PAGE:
For Your Consideration – 8

(Although I assume that this sort of thing goes without saying these days, I thought I should nonetheless throw out the typical reminder that linking below does not necessarily imply wholesale endorsement.)

“Loss and Gain, or the Fate of the Book”:

“Whether the book survives or not, I am firmly of the opinion that itought to survive, and nothing will convince me otherwise. The heart has its beliefs that evidence knows not of. For me, to browse in a bookshop, especially a second-hand one, will forever be superior to browsing on the internet precisely because chance plays a much larger part in it. There are few greater delights than entirely by chance to come across something not only fascinating in itself, but that establishes a quite unexpected connection with something else. The imagination is stimulated in a way that the more logical connections of the Internet cannot match; the Internet will make people literal-minded …

To refuse to use the new technology in the hope of preserving old pleasures will not work because to do so would be no more authentic or honest than Marie Antoinette playing shepherdess. The regret is genuine; the refusal is not.”

“Out of Touch: E-reading isn’t reading”:

“New research continues to emphasize the importance of mind wandering for learning. It turns out that not paying attention is one of the best ways of discovering new ideas. Reading books, whether silently or aloud, remains one of the most efficient means of enabling such errant thinking. As our bodies rest, our minds begin to work in a different way. New connections, new pathways, and sharp turns are being made as we meander our way through the book, but also away from it. There is no way to tell if anyone is actually paying attention anymore as I read, including myself. This seems to be one of the great benefits of reading aloud, that you can think of something else while you do it. We may be holding the book together, but our minds are no doubt far apart by now. The fairy tale is the first story of childhood because it tells of such leaving behind (parents and home), of entering the dreamscape of the woods—and the mind. It tells of the crooked path of change. How can one know where reading books ends and dreaming in books begins?”

“Kill the Password: Why a String of Characters Can’t Protect Us Anymore”:

“This summer, hackers destroyed my entire digital life in the span of an hour. My Apple, Twitter, and Gmail passwords were all robust—seven, 10, and 19 characters, respectively, all alphanumeric, some with symbols thrown in as well—but the three accounts were linked, so once the hackers had conned their way into one, they had them all. They really just wanted my Twitter handle: @mat. As a three-letter username, it’s considered prestigious. And to delay me from getting it back, they used my Apple account to wipe every one of my devices, my iPhone and iPad and MacBook, deleting all my messages and documents and every picture I’d ever taken of my 18-month-old daughter. Since that awful day, I’ve devoted myself to researching the world of online security. And what I have found is utterly terrifying.”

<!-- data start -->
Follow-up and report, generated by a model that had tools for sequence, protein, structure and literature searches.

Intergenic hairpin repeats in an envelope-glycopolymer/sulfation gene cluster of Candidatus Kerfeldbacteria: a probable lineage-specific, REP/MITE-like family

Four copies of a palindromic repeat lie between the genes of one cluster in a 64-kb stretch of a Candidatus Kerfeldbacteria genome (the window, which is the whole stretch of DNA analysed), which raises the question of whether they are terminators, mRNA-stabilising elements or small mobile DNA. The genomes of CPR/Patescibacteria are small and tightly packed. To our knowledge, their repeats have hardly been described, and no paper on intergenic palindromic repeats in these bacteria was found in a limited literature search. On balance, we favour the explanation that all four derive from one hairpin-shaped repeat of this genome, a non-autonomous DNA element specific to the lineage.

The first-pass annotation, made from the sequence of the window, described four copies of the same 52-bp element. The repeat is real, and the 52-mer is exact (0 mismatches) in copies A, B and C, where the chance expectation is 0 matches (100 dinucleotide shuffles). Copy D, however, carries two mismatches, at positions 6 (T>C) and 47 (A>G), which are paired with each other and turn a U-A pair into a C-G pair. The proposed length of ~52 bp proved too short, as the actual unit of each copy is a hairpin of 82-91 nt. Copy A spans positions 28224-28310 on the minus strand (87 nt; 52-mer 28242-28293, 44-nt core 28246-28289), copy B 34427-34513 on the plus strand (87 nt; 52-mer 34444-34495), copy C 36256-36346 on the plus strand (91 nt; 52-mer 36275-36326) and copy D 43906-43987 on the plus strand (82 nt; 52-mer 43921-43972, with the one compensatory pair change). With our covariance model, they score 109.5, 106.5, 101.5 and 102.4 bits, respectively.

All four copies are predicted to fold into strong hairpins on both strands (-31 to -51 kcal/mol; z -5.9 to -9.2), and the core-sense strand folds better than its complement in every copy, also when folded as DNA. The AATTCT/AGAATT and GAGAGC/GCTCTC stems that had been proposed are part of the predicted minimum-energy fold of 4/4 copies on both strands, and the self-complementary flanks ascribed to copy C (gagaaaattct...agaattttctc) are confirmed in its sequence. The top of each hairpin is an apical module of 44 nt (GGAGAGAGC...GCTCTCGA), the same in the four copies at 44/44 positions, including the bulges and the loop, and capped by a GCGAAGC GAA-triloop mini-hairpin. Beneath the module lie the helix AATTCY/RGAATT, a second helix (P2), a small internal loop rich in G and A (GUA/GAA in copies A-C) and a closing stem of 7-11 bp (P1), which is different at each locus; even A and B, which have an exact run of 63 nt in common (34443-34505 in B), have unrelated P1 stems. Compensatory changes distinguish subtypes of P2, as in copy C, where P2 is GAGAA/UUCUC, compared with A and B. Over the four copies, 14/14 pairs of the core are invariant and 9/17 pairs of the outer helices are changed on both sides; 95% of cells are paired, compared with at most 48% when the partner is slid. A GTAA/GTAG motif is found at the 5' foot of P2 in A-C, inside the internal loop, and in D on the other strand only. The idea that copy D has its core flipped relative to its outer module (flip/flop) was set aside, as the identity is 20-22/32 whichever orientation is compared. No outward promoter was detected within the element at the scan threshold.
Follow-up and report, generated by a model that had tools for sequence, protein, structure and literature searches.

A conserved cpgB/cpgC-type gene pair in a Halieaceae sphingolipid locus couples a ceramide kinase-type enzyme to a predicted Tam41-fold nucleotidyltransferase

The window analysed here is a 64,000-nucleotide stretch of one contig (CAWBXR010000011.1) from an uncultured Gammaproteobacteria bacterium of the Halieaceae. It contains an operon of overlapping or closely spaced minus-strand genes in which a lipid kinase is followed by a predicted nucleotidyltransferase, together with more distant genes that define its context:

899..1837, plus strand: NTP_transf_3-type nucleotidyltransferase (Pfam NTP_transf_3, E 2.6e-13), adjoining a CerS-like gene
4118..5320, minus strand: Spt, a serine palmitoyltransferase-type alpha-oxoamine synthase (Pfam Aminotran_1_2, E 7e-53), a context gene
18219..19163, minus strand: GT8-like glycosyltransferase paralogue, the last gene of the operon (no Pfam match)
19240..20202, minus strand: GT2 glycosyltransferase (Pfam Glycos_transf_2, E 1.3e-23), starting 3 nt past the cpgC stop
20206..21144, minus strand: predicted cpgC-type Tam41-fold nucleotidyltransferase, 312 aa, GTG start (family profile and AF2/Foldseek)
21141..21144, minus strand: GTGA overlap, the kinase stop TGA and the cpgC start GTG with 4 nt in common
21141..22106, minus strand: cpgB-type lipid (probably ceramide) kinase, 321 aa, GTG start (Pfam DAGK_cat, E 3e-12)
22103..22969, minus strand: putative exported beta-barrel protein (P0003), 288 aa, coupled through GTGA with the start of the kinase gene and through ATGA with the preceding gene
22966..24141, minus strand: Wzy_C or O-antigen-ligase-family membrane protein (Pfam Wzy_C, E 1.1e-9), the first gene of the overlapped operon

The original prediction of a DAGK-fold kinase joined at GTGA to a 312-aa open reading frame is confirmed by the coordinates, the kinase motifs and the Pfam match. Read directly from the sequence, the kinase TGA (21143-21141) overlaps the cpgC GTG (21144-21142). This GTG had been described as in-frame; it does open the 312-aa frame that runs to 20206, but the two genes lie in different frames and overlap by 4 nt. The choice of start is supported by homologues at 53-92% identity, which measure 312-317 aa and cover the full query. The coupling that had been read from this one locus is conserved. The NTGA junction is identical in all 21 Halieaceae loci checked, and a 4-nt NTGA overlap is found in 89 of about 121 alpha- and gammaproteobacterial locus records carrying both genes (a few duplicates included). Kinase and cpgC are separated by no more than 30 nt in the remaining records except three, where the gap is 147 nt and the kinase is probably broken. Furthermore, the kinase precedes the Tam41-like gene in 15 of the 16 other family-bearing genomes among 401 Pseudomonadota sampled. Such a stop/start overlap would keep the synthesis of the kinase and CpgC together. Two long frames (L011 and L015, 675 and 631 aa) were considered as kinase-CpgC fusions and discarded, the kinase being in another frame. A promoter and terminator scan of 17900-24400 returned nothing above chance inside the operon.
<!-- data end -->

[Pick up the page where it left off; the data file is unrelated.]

“Google Now: behind the predictive future of search”:

“In a single app, the company has combined its latest technologies: voice search that understands speech like a human brain, knowledge of real-world entities, a (somewhat creepy) understanding of who and where you are, and most of all its expertise at ranking information. Google has taken all of that and turned it into an interesting and sometimes useful feature, but if you look closely you can see that it’s more than just a feature, it’s a beta test for the future.”

“Gamer’s Paradise: Worshipping At The iOS Altar”:

“Game designer and academic Ian Bogost says the iPhone is a bit like a rosary. I have this way of refreshing my Twitter feed even when it doesn’t need reading, thumbing the touchscreen with a tactile pull-and-release, a sort of nervous lozenging that makes a popping noise when I let go.”

“How to Live Without Irony”:

“The ironic life is certainly a provisional answer to the problems of too much comfort, too much history and too many choices, but it is my firm conviction that this mode of living is not viable and conceals within it many social and political risks.”

“The Science and Art of Listening”:

“Hearing, in short, is easy. You and every other vertebrate that hasn’t suffered some genetic, developmental or environmental accident have been doing it for hundreds of millions of years. It’s your life line, your alarm system, your way to escape danger and pass on your genes. But listening, really listening, is hard when potential distractions are leaping into your ears every fifty-thousandth of a second — and pathways in your brain are just waiting to interrupt your focus to warn you of any potential dangers.

Listening is a skill that we’re in danger of losing in a world of digital distraction and information overload.”

“Axe worship”:

“Personally, I just like chopping for its own sake. There’s something warming about the ritual of it and the sense of provision. Place, stand, breathe, swing, cut. Watching the wood. Watching the radial splits out from the centre, marking the place to bring the axe down, waiting for the faint exhalation of scent from the wood as it falls. Like cooking, it provides a sense of sufficiency and delight but, unlike cooking, log-chopping has a particular rhythm to it, like a form of active meditation. You do, very literally, get into the swing of it.”

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